Stone did not tolerate his imperfections. When he encountered them, he strove to eradicate them – and for the most part, he succeeded, through sheer pig-headed determination and effort. That was why he had been sitting in his office for three days at the top of the Devon skyscraper, trying to balance his pen on its point on the surface of his desk.

One problem, he had thought early on, might have been that the desk was on an incline, so he’d borrowed a spirit level from one of the engineering labs downstairs to check that it was even; upon discovering that it was about a degree out, he sawed a millimetre off the legs on one side of the desk. That then lowered it too far towards the other side, so he’d sawn some off those legs – and this had gone on and on, until his desk lay on the floor like a beached whale, surrounded by broken bits of wood.

The next problem that he had encountered was that the surface of the desk was probably not entirely smooth. It might have microscopic dips and peaks that interfered with the ultra-fine point of the pen. So, of course, Stone had procured a plane and removed most of the wood from the top of the desk before varnishing it with a special lacquer Devon had created a few years ago for simulated ice-rinks; it was extremely slippery and, even on a molecular level, was almost entirely even.

Perhaps unsurprisingly, this was Stone’s ninth desk this year. His long-suffering receptionist had been forced some years ago to place a standing order with a nearby furniture firm, who, while unused to supplying clients with packets of identical expensive hardwood desks on a monthly basis, had accepted gladly and were now quite prosperous.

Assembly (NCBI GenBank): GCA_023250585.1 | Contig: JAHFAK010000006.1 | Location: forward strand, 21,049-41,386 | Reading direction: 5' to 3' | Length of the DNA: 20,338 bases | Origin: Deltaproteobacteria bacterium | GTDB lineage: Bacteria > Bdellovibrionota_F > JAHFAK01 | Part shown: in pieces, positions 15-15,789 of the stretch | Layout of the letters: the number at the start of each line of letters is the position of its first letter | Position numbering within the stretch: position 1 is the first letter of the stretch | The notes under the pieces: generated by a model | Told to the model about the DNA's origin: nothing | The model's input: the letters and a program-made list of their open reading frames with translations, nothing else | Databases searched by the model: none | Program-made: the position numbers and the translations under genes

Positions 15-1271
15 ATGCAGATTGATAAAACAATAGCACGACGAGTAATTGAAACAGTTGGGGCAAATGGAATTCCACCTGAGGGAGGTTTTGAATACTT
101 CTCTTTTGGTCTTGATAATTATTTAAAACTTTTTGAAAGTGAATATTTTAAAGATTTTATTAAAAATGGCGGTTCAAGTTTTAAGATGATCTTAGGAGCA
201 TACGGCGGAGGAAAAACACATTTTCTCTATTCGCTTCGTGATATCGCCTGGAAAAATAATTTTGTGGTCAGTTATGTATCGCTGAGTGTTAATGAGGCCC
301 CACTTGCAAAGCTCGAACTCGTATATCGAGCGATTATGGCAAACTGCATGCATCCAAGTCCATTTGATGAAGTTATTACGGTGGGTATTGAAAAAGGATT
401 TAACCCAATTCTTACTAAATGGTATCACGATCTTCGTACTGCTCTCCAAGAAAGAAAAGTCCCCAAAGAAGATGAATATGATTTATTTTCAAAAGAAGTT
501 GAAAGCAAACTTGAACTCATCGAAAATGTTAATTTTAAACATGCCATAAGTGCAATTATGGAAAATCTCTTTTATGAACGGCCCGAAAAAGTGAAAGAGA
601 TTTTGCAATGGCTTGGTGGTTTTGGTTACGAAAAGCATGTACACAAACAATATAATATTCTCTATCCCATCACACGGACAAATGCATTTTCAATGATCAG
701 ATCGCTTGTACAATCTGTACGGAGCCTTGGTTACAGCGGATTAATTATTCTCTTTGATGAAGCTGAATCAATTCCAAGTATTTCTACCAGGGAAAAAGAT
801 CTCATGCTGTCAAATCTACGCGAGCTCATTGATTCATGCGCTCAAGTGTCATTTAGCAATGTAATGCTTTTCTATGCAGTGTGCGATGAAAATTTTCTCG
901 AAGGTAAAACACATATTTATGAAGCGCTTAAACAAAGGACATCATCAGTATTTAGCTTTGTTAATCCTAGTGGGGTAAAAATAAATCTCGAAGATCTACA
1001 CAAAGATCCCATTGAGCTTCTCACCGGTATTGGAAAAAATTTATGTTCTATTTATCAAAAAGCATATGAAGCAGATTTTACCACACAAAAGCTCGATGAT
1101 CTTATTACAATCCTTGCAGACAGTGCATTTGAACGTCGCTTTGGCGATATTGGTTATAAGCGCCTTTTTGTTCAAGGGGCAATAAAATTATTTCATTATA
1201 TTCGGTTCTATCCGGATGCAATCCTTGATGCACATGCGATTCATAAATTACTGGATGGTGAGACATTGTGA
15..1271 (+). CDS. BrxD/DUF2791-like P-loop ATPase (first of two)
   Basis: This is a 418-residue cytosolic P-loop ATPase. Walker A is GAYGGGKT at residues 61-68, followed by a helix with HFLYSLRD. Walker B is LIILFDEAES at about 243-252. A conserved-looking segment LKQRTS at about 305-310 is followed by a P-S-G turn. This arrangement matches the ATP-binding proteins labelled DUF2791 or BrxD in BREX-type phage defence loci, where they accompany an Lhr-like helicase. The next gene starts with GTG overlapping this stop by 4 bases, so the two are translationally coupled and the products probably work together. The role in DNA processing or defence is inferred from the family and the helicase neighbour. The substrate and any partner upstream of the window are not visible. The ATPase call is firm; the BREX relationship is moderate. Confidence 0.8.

There was a knock at the door, and Stone’s pen fell over again. He looked up absently.

“Come in,” he called.

A pair of Devon employees came in; one was a researcher, wearing a white lab coat and carrying something in his hand. The other was less easy to place, since she just wore a grey suit; however, Stone had a hunch she might be someone important from advertising.

He regarded these intruders into his domain benevolently over horn-rimmed spectacles, specially made to accommodate his widely-spaced eyes.

“Hello,” he said good-naturedly. “Who might you be?”

“I’m Darren Goodwin,” the researcher replied, “and this is Theresa Ruby. Um, I hope we’re not interrupting anything, sir...” He was staring in some consternation at the sad corpse of Stone’s once-fine desk.

“No, not at all,” said Stone genially, getting to his feet and settling into the impressive chair that had once sat behind his desk, and now sat behind a pile of very slippery firewood. “Take a seat.”

He indicated two chairs on the other side of the ruined desk, and the two Devon employees seated themselves somewhat uncertainly.

“I was just trying to balance my pen on the point,” explained Stone, holding up the relevant implement. “Quite difficult, as it happens.”

“Er – right, sir. Well, do you remember those stolen goods?”

Stone nodded. “Yes, of course. That was just yesterday, wasn’t it? Dashed bad business. They needed to get to Angel down in Slateport. In fact, I think they’ve been calling up, demanding to know where they are.”

“I know, sir. I was tracking down those parts, as instructed, and I found this.”

He held out a fist-sized sphere, half white and half purple, with two red blobs on the upper part. Stone peered at it.

“You found a Master Ball?” he asked, puzzled. “I think you’ll find we make those. We have lots of them here—”